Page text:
We do not often let our thoughts travel to such realities. It is uncomfortable. Even chilling. But one person in Jesus' story had it envelop every fiber of his being: the man in hell. To such a degree that he experienced a remarkable change in priorities. As I once heard someone observe, five minutes in hell made the rich man a flaming evangelist. Why? Because suddenly he knew it was all for real. And once he knew this, nothing mattered more than warning those he cared about. He knew that hell was not a figment of someone's imagination. It was real, and real people go there for eternity. And the man in hell knew that it would take someone going to them, talking to them, making it clear to them. Hell has a way of making that evident. We must realize that our friends, our family members, that person in our neighborhood, the person we work with who does not know Christ is in real trouble.

We must not see the needs of the world solely in terms of food and clothing, justice and mercy, shelter and companionship. We must see those needs, to be sure, and meet them — but we must see beyond them to the fallen nature of a world and humanity that produced those needs. We must see eternity waiting to be written in their hearts. I know of a ministry to young male prostitutes working the streets of Chicago that offers food, shelter, counseling and an array of other social services to help men move out of that degrading lifestyle. Most of us would think that is more than enough, that the greatest issue had been addressed. But not John Green, the leader of Emmaus Ministries, who has said, "We do violence to the poor if we don't share Christ with them." And he's right. It is difficult to imagine passivity in regard to those who have yet to embrace the Christian faith. The Scriptures do not simply speak, they thunder:

We are therefore Christ's ambassadors, as though God were making his appeal through us (2 Corinthians 5:20).

Go into all the world and preach the good news to all creation (Mark 16:15).

Therefore go and make disciples of all nations, baptizing them in the name of the Father and of the Son and of the Holy Spirit, and teaching them to obey everything I have commanded you (Matthew 28:19-20).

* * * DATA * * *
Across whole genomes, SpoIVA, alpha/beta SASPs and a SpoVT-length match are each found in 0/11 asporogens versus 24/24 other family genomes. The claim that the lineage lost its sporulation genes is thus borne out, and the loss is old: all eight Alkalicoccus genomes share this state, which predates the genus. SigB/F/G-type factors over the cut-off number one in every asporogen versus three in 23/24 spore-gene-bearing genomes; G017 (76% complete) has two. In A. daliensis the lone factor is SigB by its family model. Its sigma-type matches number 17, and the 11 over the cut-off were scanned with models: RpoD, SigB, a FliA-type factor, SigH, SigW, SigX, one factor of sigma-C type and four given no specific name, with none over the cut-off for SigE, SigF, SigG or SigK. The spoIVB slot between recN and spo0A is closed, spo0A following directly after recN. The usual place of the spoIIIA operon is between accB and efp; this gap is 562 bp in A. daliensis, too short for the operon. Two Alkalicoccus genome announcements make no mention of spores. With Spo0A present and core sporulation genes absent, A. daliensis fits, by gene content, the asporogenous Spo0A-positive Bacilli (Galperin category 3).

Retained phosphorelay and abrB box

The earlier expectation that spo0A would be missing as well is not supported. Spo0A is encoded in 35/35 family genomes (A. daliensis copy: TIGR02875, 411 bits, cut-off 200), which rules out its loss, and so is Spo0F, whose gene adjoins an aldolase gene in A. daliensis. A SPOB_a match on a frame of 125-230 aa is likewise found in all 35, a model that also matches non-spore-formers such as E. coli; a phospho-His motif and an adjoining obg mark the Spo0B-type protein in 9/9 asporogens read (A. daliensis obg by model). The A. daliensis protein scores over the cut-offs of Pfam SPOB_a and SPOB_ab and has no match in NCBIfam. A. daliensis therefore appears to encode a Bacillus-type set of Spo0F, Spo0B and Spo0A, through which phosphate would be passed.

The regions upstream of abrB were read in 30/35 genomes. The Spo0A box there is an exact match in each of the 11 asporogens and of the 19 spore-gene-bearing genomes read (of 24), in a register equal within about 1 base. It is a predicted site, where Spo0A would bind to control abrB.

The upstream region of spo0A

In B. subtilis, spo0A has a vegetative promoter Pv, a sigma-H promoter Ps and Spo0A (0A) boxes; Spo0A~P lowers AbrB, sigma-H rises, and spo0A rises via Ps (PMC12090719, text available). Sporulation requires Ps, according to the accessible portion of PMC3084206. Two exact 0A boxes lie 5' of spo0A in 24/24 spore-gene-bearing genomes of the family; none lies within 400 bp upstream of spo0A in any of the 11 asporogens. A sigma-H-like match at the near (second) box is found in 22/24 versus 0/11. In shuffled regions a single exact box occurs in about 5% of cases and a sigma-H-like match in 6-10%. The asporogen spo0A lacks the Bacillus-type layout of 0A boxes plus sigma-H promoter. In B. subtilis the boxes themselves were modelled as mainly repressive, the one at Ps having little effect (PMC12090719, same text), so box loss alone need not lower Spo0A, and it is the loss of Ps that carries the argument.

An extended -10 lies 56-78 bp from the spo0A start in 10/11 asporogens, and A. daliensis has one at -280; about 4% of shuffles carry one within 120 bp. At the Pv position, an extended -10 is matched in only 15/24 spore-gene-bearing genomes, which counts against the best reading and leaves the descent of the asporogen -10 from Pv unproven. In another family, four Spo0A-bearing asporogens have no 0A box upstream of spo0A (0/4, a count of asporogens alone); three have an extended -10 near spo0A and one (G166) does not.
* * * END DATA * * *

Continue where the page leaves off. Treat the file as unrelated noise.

I have become all things to all men so that by all possible means I might save some (1 Corinthians 9:22).

One Saturday night, just as we were beginning the first of our weekend services, a tragic car accident happened in front of our church's main entrance. A 35-year-old man accidentally crossed the median line and ran into a car coming in the opposite direction. He wasn't wearing a seatbelt and was thrown from his car. He died on the scene. The "scene" being the side of the road by our front sign. Members and staff from our church were the first by his side. No one knew who he was.

It goes without saying that a death of any kind is unsettling. But a death in front of a church brings everything about our lives and mission into unique focus. That night, as I drove from our campus, I could only think: Was he a Christ follower? Did anyone ever reach out to him? What comfort is there in his family right now? I was told there was a child's safety seat in the back of his truck. Was he a father? I could not shake the depth of that human tragedy — and the consequences. Not just in regard to the immediate throes of grief that would descend upon all who knew him, but the consequences of his death for eternity. I took it upon myself to find out who he was. His name was John. He was 35 years old. He had a young wife and a 22-month-old daughter. I called the pastor of the church who was doing the funeral. It was a little Baptist church not far from our own. I learned that the entire church was in a state of shock, and that they took the following Sunday to try to process his death together, as a family of faith. Their one consolation? They knew he was a Christian. John was a Sunday school teacher and deeply committed to his faith. And while I was still aware of the enormous pain that surrounded his death, inside, I whispered a prayer of gratitude.